Location

Los Angeles, CA

Owner

Natural History Museum of Los Angeles County

Architect

CO Architects

Landscape Architect

Mia Lehrer + Associates

Construction Manager / Owner's Rep

Cordell Corporation

Project Size

410,000 sq. ft.

View

Dinos on the Move

For years, the Natural History Museum (NHM) of L.A. County’s famous “Dueling Dinosaurs” duked it out in a large round planter box athwart the broad pathway from Exposition Boulevard to the north entrance to the museum. It was a seemingly prominent position. But if you happened to drive by, you’d probably only see them after you’d already passed them—and there is no fast, easy route to drive back for a second look. The reconfiguration of the North Campus—including the demolition of the old entry plaza—provided an opportunity to reposition the beasts at the Museum’s most prominent corner, adjacent to the new Metro stop, new parking structure and new pedestrian entrance to the North Campus garden.

Delegated to Plas-Tal, a structural steel fabricator/erector, the task of moving the statues might have seemed relatively straightforward, if a bit heavy. But could anyone seriously have expected an angry T. rex and furious Triceratops to go easily?

It turns out that the two statues are actually attached to each other: T. rex’s left foot is atop Triceratops’s rear right. Their feet are attached to anchor plates, which in turn were attached via bolts to the original supports.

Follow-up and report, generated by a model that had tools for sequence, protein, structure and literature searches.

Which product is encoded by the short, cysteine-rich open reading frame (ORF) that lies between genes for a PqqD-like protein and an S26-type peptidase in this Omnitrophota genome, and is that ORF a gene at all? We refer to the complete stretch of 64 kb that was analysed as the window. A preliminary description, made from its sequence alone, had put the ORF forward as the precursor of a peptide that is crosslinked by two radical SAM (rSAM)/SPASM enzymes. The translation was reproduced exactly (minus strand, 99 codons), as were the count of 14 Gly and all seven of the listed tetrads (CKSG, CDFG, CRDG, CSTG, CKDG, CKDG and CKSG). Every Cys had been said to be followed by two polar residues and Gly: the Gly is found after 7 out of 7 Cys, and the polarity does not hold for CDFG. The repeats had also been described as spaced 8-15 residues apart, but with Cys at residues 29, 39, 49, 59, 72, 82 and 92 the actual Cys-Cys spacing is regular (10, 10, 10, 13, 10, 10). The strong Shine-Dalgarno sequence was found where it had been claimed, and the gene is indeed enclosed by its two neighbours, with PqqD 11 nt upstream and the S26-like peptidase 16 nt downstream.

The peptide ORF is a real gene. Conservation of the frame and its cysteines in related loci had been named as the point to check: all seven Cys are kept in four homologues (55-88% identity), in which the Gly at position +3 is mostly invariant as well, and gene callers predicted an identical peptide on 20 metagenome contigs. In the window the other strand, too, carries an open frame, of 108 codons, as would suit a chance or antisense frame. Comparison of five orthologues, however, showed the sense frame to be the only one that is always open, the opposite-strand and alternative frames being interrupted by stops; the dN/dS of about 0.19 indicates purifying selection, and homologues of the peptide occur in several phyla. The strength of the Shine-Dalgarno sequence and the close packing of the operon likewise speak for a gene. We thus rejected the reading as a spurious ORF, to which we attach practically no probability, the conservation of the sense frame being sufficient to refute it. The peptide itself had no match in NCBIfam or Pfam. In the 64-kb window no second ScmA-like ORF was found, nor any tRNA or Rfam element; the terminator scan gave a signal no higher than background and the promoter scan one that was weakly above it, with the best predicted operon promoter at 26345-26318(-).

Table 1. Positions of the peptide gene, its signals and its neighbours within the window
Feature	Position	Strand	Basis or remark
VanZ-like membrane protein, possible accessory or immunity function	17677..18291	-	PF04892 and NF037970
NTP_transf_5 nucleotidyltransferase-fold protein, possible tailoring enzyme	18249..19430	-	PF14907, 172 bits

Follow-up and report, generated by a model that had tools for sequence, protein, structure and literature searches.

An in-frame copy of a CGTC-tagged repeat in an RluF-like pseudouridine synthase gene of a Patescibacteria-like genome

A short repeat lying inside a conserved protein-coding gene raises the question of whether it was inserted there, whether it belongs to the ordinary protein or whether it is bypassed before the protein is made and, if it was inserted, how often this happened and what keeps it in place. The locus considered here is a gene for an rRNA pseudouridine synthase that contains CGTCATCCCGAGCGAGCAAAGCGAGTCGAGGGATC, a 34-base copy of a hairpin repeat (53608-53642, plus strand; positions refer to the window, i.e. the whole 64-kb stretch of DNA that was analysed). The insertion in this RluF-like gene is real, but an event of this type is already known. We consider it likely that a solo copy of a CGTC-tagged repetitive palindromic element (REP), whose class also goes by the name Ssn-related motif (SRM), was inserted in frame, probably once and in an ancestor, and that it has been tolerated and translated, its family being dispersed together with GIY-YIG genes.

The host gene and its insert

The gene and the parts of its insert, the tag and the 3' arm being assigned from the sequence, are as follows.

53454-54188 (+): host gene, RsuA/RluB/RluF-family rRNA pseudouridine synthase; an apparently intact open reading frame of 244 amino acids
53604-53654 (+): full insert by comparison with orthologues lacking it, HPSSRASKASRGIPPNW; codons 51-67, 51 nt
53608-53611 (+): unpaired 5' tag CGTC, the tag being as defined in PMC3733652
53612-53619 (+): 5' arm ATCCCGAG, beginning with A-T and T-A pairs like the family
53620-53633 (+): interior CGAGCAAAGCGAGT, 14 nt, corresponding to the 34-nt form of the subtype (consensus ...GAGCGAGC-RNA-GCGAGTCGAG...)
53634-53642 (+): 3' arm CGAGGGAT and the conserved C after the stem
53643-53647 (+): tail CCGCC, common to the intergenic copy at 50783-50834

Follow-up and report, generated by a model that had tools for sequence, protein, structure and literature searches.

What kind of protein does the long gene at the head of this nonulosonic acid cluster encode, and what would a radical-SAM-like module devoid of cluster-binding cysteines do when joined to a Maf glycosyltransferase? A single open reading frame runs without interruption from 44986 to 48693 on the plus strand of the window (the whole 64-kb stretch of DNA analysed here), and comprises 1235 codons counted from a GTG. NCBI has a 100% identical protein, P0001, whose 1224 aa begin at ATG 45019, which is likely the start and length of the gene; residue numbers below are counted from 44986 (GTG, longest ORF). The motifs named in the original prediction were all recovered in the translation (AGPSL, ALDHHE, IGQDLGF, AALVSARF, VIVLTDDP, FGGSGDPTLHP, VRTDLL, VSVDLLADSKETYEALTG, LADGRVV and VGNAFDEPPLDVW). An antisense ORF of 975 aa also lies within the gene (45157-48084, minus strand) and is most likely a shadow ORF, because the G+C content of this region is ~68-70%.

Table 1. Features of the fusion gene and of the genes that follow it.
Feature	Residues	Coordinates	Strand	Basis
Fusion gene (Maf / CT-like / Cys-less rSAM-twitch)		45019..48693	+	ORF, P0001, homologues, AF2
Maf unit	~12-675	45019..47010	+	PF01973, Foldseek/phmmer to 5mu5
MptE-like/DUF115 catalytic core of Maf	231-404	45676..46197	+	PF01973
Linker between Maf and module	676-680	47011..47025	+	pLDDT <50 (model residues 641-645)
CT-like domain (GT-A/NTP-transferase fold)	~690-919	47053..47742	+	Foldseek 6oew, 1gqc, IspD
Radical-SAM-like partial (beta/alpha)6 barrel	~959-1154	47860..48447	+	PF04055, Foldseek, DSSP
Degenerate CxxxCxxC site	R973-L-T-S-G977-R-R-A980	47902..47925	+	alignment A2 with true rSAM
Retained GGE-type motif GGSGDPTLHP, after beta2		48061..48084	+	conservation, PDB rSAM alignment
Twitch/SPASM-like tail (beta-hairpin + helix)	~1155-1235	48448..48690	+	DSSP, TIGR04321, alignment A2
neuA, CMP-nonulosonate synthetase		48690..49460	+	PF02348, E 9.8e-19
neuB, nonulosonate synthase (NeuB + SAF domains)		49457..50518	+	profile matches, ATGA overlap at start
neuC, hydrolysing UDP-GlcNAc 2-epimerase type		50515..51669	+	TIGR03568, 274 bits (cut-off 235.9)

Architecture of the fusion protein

No wonder they look crabby--T. rex has been stepping on Triceratops's foot all this time.
Once the round planter box was removed, the steel and concrete supports were exposed–along with the real reason for the dinos’ crabby demeanor: T. rex has been stepping on Triceratops’s foot all this time.

The Plas-Tal crew created a steel frame to hold the statues safely.

Don't know my own strength! Triceratops gets caged with a little help from a friend.
Don’t know my own strength! Triceratops gets caged with a little help from a friend–Darrell Webb, MATT’s superintendent for NHM’s new parking garage.

Once the plates were exposed and with the dinos supported by the frame, the steelworkers cut through the bolts.

Dinos caged and ready to go.
Dinos caged and ready to go.

The dinos were then moved by crane (a sight you don’t see every day) to their new location…

Taking the dinos out for a walk.
Taking the dinos out for a walk.

… and set atop the plain concrete pillars that would serve as the foundation of their new supporting structure.

Safely ensconced on new supports at the corner of Exposition Blvd. & Robertson Drive--the northwestern corner of the museum property--the Dinos await the next step.
Safely ensconced on new supports at the corner of Exposition Blvd. & Bill Robertson Lane–the museum’s northwestern corner–the Dinos await the next step: completion of the new mounting.

So what would the new structure look like? To be continued…